It’s not accurate to say that our dining out on this trip went off without a hitch. We hit every restaurant that we hoped to visit but one: the Tolly-Ho in Lexington. The plan had been to visit the Explorium Children’s Museum in that city on the way home, but first, we got a later start than we thought, since our visit to Jungle Jim’s was such an adventure. Then, as we crawled down the street in that city we were directed down, through bumper-to-bumper traffic, we saw that the Explorium didn’t have a dedicated parking lot, and all the surface lots were a steep $15-20 to park! Hideous traffic, very high parking charges, and twenty thousand people walking around in blue and gray… yes, that’s right, I forgot to check the sports schedules of the cities we’d be visiting.
While the Kentucky Wildcats have an uneven record on the gridiron, their basketball program is downright amazing, and even when they’re not the defending national champs, they’ve got one of the most dedicated fan bases in college sports, routinely selling out the barn that is Rupp Arena. Here we were, thinking we’d find a place to park and that we’d get a meal at one of the most popular near-campus joints in town while this mob ascended on the city to watch what would turn out to be an 88-50 thumping of the unfortunate Lipscomb University. No, we fumbled and redirected and made our way out of town after a considerable delay, resolving that we’d get something to eat on the way back to the interstate.
City Barbeque proved to be the only real option between downtown and I-75. I had heard of it in passing; it is a chain, based in Columbus, with twenty-two stores in Ohio, Indiana, and Kentucky, and, as happens with chains, it gets overlooked by hobbyists. However, we were pleasantly surprised by our visit. This is really quite a good establishment. It is horribly located near the intersection of Richmond and Man o’War, and not readily visible when coming from the city, but once we found it, we settled in for a good lunch.
Rick Malir and his team had spent the nineties winning awards on the competition circuit before opening the first restaurant on Henderson Road in Columbus in 1999. They expanded at the rate of about one store a year, moving into Toledo in 2005 and the Cincinnati suburbs in 2006. They first entered both Indiana and Kentucky in 2010. The Lexington store is their newest, and opened in the summer of 2012.
It’s understated, but there is a welcome sense of – and this will sound very weird – humility in City’s approach. They know full well that there isn’t really a barbecue tradition in the Ohio region, and what they are offering, respectfully, are the traditions of other areas. You see this in the awesome signage around the entrance and airlock, pointing the mileage to some of the nation’s legendary restaurants, including Arthur Bryant’s, Moonlite, Lexington # 1, and Parker’s. (And probably a pile of Texas establishments as well, but I don’t know any of those.) They make sure to explain which of their specialties are based on the common recipes from the Lone Star State, from Memphis, and from eastern North Carolina.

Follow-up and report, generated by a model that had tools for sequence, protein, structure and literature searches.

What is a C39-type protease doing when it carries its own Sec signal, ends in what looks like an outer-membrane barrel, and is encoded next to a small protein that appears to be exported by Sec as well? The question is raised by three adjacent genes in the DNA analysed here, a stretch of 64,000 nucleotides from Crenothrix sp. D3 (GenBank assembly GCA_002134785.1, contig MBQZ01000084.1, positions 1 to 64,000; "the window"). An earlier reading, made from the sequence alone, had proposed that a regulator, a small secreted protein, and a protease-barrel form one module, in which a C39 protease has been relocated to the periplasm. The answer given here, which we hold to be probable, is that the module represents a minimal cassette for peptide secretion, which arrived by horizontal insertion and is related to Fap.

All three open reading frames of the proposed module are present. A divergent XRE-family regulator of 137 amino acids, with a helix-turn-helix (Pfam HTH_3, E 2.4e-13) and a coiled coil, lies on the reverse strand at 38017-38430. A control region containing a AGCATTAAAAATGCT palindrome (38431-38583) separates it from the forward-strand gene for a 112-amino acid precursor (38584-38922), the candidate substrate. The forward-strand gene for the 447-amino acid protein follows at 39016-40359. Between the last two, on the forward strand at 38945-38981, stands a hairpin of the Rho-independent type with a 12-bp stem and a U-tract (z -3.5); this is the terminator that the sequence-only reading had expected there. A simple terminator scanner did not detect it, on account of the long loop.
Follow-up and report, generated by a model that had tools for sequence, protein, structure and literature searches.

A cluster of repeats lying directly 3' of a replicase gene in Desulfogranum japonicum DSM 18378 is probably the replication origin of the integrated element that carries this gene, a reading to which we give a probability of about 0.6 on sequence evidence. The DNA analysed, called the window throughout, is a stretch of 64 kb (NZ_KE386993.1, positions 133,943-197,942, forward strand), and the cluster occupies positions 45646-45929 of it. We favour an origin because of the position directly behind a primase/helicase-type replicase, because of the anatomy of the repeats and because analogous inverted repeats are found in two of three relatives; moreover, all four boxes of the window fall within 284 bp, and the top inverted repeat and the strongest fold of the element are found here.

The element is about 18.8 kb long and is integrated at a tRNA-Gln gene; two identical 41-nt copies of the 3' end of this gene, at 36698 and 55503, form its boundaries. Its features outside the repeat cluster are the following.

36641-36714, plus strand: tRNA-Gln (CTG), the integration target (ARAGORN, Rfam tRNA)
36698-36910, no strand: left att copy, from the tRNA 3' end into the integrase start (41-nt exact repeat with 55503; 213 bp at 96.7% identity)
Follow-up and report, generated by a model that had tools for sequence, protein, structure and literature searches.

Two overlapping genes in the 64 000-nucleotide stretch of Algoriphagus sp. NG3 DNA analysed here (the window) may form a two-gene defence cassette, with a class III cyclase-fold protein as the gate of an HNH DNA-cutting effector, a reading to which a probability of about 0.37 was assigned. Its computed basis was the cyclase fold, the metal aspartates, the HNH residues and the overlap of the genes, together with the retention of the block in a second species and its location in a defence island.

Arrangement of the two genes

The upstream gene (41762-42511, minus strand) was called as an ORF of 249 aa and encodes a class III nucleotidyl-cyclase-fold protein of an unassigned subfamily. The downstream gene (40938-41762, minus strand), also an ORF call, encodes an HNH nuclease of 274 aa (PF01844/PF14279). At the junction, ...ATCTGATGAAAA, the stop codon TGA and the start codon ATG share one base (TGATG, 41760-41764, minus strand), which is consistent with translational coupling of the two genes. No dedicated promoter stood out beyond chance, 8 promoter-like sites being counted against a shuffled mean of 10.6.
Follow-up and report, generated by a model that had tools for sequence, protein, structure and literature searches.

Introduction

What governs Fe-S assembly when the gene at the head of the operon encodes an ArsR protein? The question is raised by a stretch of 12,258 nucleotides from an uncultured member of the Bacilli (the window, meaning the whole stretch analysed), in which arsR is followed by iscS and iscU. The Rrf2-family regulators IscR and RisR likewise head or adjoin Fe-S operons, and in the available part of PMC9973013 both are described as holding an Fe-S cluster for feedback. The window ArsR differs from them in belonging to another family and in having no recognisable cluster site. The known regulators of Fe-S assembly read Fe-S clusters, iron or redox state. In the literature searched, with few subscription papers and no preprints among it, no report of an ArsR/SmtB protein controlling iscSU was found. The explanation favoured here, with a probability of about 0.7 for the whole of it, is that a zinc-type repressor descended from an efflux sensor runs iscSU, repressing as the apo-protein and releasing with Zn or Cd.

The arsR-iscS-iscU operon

We each got the lunch special of a sandwich with two sides, although I made the atypical choice of picking pulled chicken after Marie and my daughter each selected pork, just to have some different flavors at the table. At seven dollars each, these were a good deal, even if the sandwiches were a little smaller than what we’ve seen at other places. The hand-cut fries and vinegar slaw were the most popular sides, and while I enjoyed the sausage and chicken gumbo a good deal, my daughter wasn’t taken with it. The baby really appreciated the sweet and sticky baked beans.
I confess that I didn’t take notes on the table sauces, and we are so backed up in writing that the details have slipped away, but the meats were all moist and smoky enough to not really need them. What did stand out as worth comment, even beyond the pickle bar (yes!!) was the welcome presence of Ale-8-One in the soda fountain.
Sure, we’d picked up a twelve-pack of cans from a Kroger in Ohio, but this is the first time we’ve ever seen this excellent ginger ale in a fountain before. Now, we usually don’t have soda with barbecue, preferring sweet tea or water, but I made sure to refill my drink cup with this for the road. I probably enjoy “Kentucky’s soft drink” more than most people in Georgia, and my hat’s off to the manager of the Lexington City Barbeque for keeping this in the fountain. Good meats, good drinks, chain or not, this is a good place to stop.
We’ve still got to make it to the Tolly-Ho sometime when the Wildcats aren’t playing, mind…
Other blog posts about City (various locations):
Like barbecue? You can see all the barbecue restaurants that we have visited for our blog on this map, with links back to the original blog posts. It’s terrific for anybody planning a barbecue road trip through the southeast!